I have a problem that has been going on for years. I wake up in the middle of the night and my bp is high 174/86 or higher and my heart is beating fast. I always thought it was from my dreams cause I have usually been in a deep sleep dreaming when I wake up. It has gotten worse and now I am anxious at night before I go to bed anticipating my night. I started taking Ativan 0.5 mg and it helped for a while but it got worse. My Dr sent me for a sleep study and they found I do not have sleep apnea but my O2 levels are 88% 20% of the night. The other 80% my O2 levels are fine. Ok, so they started me on 2 l of O2 at night only (no lung problems) and I am still waking up with the same symptoms. I started Ativan 0.5 about 8 pm and then take another at 10 pm. It helped keep me relaxed and my bp’s were great when I would wake up and take it. Problem now I only sleep 2 hrs at a time, not getting a restful sleep, irritable, anxious. They can’t figure out why limited breathing at night and my Dr just thinks I am anxious so he prescribed buspar. I feel I go into fight or flight mode when dreaming and this causes my bps to go up. I am 63 years old, 5’4″ 209 lbs and on 4 bp meds. They keep adding bp meds because this affects my bp during the day. The bp is now under control during the day and ok at night if I take 2, 0.5 Ativan but then I am up every 2 hrs. This is driving me to become more and more anxious to go to bed at night. (I just started Buspar so I don’t know if that will help; also not taking Ativan now with Buspar). After taking Buspar last night for the first, I had terrible insomnia and only slept 2 hrs all night. Any thoughts? Thank you.

  45. Steven Park on May 10th, 2014 4:47 pm

    Georgia,

    Sorry to hear about your sleep problems. I can’t say without examining you in person, but in general this is a common situation that I see. Even if you don’t have sleep apnea, it’s likely that you stop breathing often, just not long or severe enough to be called apneas. Regardless, you’ll stop breathing more often in REM sleep, when your muscles are most relaxed and when you’re dreaming. I recommend you find a sleep physician or ENT that understands upper airway resistance syndrome. Good luck.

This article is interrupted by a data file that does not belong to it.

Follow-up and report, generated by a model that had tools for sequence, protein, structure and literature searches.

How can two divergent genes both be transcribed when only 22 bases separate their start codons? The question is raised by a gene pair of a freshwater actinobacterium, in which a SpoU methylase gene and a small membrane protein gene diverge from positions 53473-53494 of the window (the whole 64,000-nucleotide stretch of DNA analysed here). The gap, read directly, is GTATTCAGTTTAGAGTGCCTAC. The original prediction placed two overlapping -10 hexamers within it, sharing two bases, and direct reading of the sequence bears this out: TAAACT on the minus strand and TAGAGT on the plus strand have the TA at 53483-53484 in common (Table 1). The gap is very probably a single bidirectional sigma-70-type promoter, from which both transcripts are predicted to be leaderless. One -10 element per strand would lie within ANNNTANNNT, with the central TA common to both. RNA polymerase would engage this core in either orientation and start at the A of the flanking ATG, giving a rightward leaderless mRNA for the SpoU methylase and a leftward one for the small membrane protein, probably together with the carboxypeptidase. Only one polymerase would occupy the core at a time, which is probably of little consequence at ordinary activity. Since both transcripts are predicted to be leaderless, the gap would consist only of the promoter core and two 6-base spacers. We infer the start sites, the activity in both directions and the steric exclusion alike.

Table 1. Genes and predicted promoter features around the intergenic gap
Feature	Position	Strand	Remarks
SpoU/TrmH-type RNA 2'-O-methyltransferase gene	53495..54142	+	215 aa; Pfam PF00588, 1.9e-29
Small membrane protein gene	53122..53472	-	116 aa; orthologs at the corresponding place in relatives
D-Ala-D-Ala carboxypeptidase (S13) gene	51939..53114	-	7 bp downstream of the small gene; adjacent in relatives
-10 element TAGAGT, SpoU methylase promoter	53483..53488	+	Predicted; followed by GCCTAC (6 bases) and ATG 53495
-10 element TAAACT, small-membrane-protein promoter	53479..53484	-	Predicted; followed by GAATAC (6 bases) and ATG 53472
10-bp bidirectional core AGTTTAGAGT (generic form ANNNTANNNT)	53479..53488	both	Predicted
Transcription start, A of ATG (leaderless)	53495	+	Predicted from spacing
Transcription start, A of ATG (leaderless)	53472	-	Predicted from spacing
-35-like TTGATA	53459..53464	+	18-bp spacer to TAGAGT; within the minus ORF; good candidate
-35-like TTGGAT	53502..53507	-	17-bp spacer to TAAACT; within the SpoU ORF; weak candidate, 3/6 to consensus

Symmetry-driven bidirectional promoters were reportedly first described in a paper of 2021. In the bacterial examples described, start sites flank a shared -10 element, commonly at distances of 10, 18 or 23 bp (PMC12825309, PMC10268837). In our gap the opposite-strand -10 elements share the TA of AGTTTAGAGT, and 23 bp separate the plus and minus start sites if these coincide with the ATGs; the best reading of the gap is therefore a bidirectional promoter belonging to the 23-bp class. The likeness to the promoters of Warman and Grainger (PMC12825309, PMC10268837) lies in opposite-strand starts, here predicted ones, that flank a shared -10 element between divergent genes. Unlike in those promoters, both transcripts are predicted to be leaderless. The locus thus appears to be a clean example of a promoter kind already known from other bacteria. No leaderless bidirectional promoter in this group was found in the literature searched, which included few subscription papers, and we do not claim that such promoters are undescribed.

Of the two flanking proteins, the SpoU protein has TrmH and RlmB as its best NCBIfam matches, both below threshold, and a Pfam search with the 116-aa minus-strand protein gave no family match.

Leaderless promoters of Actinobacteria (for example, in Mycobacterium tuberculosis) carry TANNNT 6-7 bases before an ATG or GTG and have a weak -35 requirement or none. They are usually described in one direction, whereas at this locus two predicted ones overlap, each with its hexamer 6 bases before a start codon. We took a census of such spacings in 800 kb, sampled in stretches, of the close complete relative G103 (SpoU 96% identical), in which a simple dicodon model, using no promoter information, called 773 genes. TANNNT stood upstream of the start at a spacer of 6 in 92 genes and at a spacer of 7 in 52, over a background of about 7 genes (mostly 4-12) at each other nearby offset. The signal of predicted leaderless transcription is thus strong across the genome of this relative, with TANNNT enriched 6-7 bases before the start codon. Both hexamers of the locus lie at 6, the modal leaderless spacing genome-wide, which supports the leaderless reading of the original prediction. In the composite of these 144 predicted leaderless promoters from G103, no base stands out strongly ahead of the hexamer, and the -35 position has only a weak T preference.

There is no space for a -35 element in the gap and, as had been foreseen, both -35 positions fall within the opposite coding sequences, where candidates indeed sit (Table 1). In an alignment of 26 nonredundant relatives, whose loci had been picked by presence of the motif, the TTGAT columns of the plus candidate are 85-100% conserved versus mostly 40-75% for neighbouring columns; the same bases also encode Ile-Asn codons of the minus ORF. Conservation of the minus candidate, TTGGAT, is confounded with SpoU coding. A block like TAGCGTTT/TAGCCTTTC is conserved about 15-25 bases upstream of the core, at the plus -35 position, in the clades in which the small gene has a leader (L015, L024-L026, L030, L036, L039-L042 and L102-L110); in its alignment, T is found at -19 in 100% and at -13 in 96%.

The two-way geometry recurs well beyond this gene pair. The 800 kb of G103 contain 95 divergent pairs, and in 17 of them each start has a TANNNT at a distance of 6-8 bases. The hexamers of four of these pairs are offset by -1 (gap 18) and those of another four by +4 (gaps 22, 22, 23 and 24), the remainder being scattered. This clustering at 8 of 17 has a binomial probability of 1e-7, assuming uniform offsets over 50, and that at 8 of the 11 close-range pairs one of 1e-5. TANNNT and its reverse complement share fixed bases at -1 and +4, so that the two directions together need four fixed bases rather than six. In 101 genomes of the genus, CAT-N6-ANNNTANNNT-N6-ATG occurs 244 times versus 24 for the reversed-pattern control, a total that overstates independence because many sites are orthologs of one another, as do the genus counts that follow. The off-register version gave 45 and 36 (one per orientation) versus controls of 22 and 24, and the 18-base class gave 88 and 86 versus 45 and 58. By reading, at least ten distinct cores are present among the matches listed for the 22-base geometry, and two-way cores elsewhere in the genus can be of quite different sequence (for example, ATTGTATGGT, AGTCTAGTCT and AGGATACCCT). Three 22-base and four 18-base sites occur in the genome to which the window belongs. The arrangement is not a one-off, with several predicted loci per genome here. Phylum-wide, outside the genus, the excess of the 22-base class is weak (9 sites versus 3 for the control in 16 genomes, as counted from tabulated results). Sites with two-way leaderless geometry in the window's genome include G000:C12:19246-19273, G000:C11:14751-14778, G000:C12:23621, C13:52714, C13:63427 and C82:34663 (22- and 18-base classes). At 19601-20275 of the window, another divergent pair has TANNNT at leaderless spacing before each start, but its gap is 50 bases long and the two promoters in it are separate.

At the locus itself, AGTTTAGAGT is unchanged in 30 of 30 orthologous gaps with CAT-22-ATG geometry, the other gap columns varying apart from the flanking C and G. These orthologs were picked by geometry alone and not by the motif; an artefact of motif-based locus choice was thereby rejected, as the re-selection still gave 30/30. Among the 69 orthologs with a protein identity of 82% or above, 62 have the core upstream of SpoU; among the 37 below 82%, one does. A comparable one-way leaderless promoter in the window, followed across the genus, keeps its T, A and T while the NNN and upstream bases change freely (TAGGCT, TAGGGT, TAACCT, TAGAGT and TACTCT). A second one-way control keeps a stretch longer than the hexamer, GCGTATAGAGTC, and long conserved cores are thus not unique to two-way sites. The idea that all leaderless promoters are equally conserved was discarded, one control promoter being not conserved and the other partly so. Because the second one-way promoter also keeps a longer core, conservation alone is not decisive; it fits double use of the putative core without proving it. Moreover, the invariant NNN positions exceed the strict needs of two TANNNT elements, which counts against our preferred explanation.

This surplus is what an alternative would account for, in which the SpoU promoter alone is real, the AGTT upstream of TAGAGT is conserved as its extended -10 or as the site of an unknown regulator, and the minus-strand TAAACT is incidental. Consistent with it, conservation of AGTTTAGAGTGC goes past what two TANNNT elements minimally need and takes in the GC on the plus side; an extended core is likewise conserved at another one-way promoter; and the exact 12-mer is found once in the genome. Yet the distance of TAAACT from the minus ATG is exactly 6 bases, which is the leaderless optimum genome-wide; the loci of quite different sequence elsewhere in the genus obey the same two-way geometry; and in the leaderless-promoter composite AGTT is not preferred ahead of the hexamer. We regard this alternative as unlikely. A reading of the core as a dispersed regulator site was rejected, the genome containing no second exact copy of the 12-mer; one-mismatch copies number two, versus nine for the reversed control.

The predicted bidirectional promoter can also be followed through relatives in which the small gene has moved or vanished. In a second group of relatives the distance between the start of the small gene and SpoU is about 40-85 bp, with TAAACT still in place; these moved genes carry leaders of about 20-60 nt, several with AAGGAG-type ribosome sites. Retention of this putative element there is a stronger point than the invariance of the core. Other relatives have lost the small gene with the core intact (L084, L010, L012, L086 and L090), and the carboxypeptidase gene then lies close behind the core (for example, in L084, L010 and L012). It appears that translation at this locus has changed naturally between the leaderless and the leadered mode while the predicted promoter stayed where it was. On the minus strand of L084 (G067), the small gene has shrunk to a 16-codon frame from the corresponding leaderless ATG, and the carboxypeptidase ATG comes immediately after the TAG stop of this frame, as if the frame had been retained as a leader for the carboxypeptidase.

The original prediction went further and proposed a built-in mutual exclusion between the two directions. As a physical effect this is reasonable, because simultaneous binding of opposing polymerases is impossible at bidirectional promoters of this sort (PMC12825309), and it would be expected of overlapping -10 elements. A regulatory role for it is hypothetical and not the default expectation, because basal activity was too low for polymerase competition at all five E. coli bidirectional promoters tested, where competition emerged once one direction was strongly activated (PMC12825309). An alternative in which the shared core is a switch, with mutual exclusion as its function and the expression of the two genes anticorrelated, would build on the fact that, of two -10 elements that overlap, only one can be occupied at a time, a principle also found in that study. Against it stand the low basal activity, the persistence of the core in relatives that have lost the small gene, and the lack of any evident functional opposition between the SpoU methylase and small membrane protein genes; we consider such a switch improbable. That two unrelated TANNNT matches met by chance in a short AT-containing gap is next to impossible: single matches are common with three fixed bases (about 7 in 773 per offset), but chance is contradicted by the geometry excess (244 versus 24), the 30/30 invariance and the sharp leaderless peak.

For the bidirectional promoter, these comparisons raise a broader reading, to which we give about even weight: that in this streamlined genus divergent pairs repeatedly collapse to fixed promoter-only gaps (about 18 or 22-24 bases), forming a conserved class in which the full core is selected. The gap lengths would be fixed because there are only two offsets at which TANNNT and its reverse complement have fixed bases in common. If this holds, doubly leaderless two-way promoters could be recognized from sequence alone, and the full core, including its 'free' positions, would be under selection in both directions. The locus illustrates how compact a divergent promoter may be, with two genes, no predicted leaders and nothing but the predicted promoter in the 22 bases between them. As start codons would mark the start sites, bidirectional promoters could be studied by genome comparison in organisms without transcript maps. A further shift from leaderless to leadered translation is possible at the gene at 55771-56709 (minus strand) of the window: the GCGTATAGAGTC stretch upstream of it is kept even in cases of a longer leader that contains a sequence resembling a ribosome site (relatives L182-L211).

46. Sally Larsen on May 10th, 2014 5:21 pm

    My problem is I wake up every 1-3 hours every night no matter what I do. It is so frustrating!! This has been going on for 10 years. In 2008 I was diagnosed with mild sleep apnea and because the CPAP mask made me claustrophobic they said I was borderline and didn’t really need it. Then in 2012 I started waking up with my heart pounding out of my chest in a state of panic. I had a second sleep study done and my AHI was over 40 and my oxygen saturation dropped to 53%. So I knew it was life or death and began CPAP therapy. I no longer have the pounding heart or oxygen desats, and my blood pressure is normal. However, I still wake up every 1-3 hours. I had hoped CPAP would of helped that but it didn’t. So now I have an AHI of <0.7 and my oxygen stays in the 90%s but I still cannot sleep threw the night. I do have RLS and only recently, for the past 6 months, I take 0.5mg Klonopin at night and it fixes the RLS. So I know the Klonopin is not the problem because I have been waking up for 10 years. The only other thing that bothers me is I breathe too fast. My average breaths per minute are 22. This seems high and I don't know if this has anything to do with my waking up every 1-3 hours. Actually, 3 hours is rare. It's usually more like every 1-2 hours. I just want to sleep. I feel so tired and sleep deprived even though I am in bed 8-9 hours a night it is not a restorative sleep when you are up every hour. Any suggestions??

  47. Carolyn E. Hil on July 19th, 2014 2:08 pm

    I’m one of those who wake up at the same time every night (2-3), and though a home sleep study said I had severe sleep apnea, I’m wondering about stuffy nose. Nose is not stuffy before bed, but when I wake up at 2 or 3, at least one nostril is very stuffy, breathing difficult, and my head aching. Since the woman I see every couple of weeks for lymph massage told me rebounding might help the stuffy nose (guessing, I think, it was related to tissue swelling in the nose), I got up at 3 when I woke up this morning and rebounded for 15 minutes or so till the nose was clear and the head not aching, and though I couldn’t go back to sleep afterward, I DID feel sleepier than usual at that hour and felt some optimism for future nights. I nearly always at least SEEM to sleep OK from 9 or 10 to 2 or so.

    My question is this: could a diagnosed apnea be related to (caused by?) sluggish lymph flow?

    What I’ve read of your book, btw, has been a great guide.

  48. Steven Park on July 19th, 2014 5:53 pm

    Carolyn,

    Having a stuffy nose can definitely make OSA worse, but unfortunately, treating it usually doesn’t cure it. Most people with OSA have stuffy noses, which can prevent proper CPAP or dental appliance use. It’s important to get your stuffy nose taken care of, and then treat your sleep apnea. Good luck.

  49. Carolyn E. Hil on July 22nd, 2014 7:47 am

    Big thanks for this clarification, with its help in planning how to proceed.